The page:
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Managing The Itch: What Parents Should Know About Childhood Eczema?

Updated: May 3

Editor's note: This is a sponsored content, this post may contain affiliate links for your convenience.

Eczema is a common skin problem that can start in infancy, and while some individuals are able to handle the condition with minimal impacts on everyday life, others will find that it becomes a lifelong condition to manage. This is especially concerning for parents, as according to the Dermatological Society of Malaysia, over 20% of Malaysian children are affected by eczema, also known as atopic dermatitis.

What causes eczema?

While eczema is not always an allergic disease, allergens can play a role in exacerbating the

condition such as dust mites and pet dander – leading children to develop allergies to food,

pets, dust mites or even pollen.

Dr Melanie Majaham, Consultant Paediatrician from Sunway Medical Centre Velocity

(SMCV) shares that “Eczema usually happens in a child who already has tendency for dry

skin. When exposed to triggers such as chemicals, sweat and heat, the skin becomes

inflamed and very itchy. This results in the child constantly scratching which further damages

the skin. Damaged skin is very prone to bacterial, viral and fungal infection. The child may

be in pain, constant discomfort and even have fever and may even require hospital

admission to get IV antibiotics and antiviral drugs”.

Treatment of eczema and allergy in children

Children that suffer from eczema can develop red, dry, itchy patches on the skin that result

from inflammation. Frequent scratching can cause blisters, oozing, crusting or sores from

infection. Dr Melanie advises that treatment options depend on which phase the eczema is


“In active flare-ups, the child may need steroid-based creams which are important to reduce

the inflammation and break the “itch-cycle”. In situations where the skin is infected,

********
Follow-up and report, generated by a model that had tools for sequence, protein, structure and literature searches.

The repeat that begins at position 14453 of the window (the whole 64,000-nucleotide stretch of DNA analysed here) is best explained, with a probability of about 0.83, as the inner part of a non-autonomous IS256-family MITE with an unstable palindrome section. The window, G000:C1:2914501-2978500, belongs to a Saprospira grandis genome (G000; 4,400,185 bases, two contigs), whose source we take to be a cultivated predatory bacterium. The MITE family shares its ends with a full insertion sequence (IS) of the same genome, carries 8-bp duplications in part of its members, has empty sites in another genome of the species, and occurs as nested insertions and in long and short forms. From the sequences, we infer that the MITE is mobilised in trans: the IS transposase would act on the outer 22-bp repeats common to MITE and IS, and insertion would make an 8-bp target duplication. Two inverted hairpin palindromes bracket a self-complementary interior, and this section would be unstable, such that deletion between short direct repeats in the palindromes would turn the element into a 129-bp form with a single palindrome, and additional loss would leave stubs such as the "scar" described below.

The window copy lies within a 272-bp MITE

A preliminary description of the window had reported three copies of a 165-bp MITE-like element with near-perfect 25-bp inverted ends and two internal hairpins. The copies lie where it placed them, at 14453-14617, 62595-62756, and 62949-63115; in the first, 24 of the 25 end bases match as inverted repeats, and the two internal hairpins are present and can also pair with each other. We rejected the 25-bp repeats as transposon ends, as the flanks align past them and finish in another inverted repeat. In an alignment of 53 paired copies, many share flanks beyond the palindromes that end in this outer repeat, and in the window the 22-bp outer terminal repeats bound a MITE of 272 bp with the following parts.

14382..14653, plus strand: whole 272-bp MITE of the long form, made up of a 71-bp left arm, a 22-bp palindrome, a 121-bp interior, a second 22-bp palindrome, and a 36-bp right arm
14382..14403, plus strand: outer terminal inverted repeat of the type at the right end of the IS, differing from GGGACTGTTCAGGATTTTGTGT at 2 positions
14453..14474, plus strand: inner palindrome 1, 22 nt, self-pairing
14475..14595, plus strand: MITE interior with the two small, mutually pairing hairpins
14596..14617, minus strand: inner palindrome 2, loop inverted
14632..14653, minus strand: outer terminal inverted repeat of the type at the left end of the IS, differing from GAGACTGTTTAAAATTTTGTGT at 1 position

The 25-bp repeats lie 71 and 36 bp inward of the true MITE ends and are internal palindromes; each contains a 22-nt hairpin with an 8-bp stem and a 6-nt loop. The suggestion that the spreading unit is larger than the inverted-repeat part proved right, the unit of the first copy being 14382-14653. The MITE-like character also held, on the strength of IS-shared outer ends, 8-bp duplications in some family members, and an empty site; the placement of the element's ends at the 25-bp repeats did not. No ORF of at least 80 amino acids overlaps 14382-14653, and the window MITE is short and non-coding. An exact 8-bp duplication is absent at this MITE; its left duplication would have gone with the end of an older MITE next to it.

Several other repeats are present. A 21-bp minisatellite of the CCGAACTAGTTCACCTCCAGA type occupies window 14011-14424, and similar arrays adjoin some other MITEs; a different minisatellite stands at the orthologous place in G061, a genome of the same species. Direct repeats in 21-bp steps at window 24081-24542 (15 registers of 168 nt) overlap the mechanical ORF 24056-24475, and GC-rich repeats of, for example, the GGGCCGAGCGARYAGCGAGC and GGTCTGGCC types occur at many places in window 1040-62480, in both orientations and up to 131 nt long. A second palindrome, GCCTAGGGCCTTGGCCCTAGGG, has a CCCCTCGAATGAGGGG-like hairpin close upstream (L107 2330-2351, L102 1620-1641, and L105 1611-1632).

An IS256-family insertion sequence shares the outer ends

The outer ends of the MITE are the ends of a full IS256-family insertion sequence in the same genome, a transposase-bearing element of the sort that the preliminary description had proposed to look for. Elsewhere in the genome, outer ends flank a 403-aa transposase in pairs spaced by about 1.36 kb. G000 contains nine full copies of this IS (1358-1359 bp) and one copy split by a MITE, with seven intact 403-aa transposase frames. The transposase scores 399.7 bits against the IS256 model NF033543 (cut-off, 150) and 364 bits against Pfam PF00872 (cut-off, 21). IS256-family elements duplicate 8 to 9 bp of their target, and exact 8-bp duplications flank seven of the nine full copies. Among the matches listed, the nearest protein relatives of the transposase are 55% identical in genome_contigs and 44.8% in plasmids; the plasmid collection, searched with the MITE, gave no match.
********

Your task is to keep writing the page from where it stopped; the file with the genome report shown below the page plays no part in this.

antibiotics and antiviral medications may be needed. Parents should be reassured that

steroid creams prescribed correctly and in short duration will not lead to long term


“During the subacute/chronic phase whereby the skin is merely dry, but not actively inflamed, maintenance therapy is important to prevent flare-ups. This include intensive moisturizer creams that are free from fragrance and certain chemicals. The child will also need to bathe with soap free solutions to prevent excessive drying of the skin. Wet skin should be pat dried, gently with a towel. Water that is too warm tend to worsen the eczema,” Dr Melanie notes.

Dr Juani Hayyan Abdul Karaf, Consultant Ear, Nose, Throat (ENT) and Head and Neck

Surgeon from Sunway Medical Centre Velocity (SMCV) adds that treatment options for

allergy also varies and depends on the site of the manifestation for symptomatic treatment.

“There is immunotherapy in the form of shots that is available to treat allergies, but this is for

specific allergens such as house dust mites. Allergic reactions have their triggers, so parents

should observe the recurrence of their children being exposed to certain food or environment such as dusty, cold, hot environments or animal dander.”